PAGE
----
Rattlebrook Mine lies on the west bank of the Rattlebrook approx 5-600 metres downstream from Bleak House (Dunna Goat cottage). There are extensive Tinners’ Streamworks and Openworks in the area. The mine is located next to and exploits an earlier openwork that extends around 100 metres up the slope on the western side of the Rattlebrook valley.
The author has found very little in the way of information about the mine but notes that Dr Tom Greeves 2003/4 wrote that the mine formed part of the Wheal Frederick sett and was worked from the 1840s to the 1860s. Greeves further stated that the mine remains consisted of an adit, a shaft, a leat, a wheelpit, a dressing floor and several ruined buildings.
The author has been familiar with this area for around 35 years having hiked up and down the valley on numerous occasions and has always wished to know a little more about the mine. However, with limited ‘expert’ information, the author has resorted to attempt to interpret the site as best he could for this post, without confirmatory reference. Should anyone reading this post be aware of any errors or can supply additional information, the author would be grateful to receive it.
Sketch map of the area with the author’s interpretation of the site.
Approaching the mine from Rattlebrook Hill.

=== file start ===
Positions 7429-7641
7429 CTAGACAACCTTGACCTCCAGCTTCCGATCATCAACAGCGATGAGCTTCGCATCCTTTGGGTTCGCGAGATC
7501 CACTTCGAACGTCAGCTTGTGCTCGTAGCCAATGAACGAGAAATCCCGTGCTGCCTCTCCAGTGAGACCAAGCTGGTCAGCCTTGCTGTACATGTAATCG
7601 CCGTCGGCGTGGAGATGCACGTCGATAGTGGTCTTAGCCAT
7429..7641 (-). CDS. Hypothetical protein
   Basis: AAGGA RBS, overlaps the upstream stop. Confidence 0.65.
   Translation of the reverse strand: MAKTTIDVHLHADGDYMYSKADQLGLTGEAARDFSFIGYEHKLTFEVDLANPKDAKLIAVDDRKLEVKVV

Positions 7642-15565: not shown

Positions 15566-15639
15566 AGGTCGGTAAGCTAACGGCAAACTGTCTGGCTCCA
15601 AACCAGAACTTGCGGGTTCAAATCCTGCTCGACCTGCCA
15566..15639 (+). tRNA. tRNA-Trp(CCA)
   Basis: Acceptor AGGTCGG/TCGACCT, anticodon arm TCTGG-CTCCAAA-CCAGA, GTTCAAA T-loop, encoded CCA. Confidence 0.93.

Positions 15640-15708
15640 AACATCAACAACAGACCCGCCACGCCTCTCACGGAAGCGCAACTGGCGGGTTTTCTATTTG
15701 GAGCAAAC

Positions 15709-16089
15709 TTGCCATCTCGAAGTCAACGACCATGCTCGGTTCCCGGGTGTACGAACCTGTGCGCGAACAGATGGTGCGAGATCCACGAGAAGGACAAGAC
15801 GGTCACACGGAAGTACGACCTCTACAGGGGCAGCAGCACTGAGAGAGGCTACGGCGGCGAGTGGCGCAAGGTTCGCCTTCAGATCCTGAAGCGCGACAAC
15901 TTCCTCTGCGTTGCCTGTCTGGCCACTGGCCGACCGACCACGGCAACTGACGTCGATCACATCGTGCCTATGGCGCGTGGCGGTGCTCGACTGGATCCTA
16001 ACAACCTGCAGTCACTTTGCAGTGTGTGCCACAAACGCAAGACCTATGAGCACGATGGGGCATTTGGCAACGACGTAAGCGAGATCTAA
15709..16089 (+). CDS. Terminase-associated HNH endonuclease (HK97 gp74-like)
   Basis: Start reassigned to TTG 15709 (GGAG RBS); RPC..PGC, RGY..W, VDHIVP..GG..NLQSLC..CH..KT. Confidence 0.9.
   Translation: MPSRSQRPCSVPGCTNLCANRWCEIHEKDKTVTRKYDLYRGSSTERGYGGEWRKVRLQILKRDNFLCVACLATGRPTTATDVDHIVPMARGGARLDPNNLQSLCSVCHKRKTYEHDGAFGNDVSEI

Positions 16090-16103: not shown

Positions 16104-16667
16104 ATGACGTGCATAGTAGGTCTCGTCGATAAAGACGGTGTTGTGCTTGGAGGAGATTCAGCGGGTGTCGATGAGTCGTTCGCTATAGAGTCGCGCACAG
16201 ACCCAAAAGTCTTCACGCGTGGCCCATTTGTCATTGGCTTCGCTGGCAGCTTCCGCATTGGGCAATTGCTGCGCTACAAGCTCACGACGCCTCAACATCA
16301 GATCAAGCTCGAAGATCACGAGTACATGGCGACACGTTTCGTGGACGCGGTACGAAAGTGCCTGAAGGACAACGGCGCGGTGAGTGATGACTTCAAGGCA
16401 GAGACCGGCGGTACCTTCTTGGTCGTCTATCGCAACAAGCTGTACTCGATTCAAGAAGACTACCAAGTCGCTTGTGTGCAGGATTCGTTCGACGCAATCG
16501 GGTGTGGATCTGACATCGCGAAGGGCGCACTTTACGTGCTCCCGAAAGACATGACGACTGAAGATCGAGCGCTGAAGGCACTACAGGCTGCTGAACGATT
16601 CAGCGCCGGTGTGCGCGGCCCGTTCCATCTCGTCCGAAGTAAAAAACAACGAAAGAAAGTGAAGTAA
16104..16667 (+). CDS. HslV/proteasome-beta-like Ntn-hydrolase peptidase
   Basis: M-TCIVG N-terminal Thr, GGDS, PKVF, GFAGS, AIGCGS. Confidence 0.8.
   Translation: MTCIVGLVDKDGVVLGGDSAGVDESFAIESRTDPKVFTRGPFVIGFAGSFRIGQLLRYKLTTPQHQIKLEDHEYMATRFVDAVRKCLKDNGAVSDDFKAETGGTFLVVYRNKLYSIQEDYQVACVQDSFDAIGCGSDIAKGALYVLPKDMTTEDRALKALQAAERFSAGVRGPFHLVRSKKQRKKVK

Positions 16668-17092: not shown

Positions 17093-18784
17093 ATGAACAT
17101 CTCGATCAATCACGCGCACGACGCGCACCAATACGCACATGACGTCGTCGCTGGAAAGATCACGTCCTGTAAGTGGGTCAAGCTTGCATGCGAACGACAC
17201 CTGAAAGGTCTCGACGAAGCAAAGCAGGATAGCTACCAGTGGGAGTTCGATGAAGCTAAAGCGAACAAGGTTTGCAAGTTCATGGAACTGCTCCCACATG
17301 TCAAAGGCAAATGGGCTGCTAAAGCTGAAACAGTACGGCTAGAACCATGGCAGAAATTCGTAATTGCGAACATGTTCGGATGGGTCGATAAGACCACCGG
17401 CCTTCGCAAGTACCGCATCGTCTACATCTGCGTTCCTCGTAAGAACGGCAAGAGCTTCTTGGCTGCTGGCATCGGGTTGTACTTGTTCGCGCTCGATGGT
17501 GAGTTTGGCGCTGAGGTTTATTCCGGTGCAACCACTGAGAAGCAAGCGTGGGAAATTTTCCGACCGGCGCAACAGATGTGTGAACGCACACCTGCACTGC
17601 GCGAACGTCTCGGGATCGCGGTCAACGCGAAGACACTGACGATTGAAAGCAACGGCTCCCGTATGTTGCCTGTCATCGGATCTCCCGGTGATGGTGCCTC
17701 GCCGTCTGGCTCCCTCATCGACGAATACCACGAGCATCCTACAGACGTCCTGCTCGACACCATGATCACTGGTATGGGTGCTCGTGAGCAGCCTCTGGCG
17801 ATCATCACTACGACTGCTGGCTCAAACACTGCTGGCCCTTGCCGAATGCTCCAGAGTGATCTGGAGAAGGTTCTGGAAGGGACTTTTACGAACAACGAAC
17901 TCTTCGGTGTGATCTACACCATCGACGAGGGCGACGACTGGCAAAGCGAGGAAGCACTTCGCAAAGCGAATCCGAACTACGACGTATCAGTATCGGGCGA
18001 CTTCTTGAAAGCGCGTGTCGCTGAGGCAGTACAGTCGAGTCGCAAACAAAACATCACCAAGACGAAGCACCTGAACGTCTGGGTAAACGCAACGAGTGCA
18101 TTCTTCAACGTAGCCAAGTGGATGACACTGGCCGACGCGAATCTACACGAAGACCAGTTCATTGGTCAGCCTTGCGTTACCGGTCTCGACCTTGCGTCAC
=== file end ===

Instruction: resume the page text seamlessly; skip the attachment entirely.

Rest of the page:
Zooming in on the area of the mine
A few hundred metres down the valley from the mine there is a very small, single roomed structure described as a tinners’ hut.
The tinners’ hut measures 2.5 metres x 1.5 metres with coursed boulder walls 1 metre wide and up to 0.5 metres high.
The tinners’ hut with possible entrance (at bottom of the photograph). It is located at SX55844 85479
Approaching the mine from the south, the tinners’ streamworks are very evident. The workings display the characteristic pattern of linear spoil heaps and water channels
The main mine area as viewed from the south.
The previous picture (annotated with the authors interpretation) of the main mine area. Although Dr Greeves didn’t suggest there were any stamps at the mine, the author speculates there may have been some to crush ore. Traditionally, water power in that period would have been used for either crushing, operating bellows or to assist with pumping.
Annotated authors interpretation of the site on a Google Earth picture of the mine. Each item has been photographed and discussed in this post.
Above the mine area a dry leat can be easily discerned, which most visitors to the area use as a footpath. The leat take off comes from the Rattlebrook to the north of the mine.
Another view of the dry leat looking down the valley
The leat takes a 90 degree (east) turn to feed the wheelpit (over a ‘cliff’ edge)
The leat would have fed a wheelpit, alongside which there appears to be a possible site of an old stamps area.
The wheelpit is evident when looked at ‘end on’ and is rubble filled. The stamps area is to the south and is strewn with granite blocks.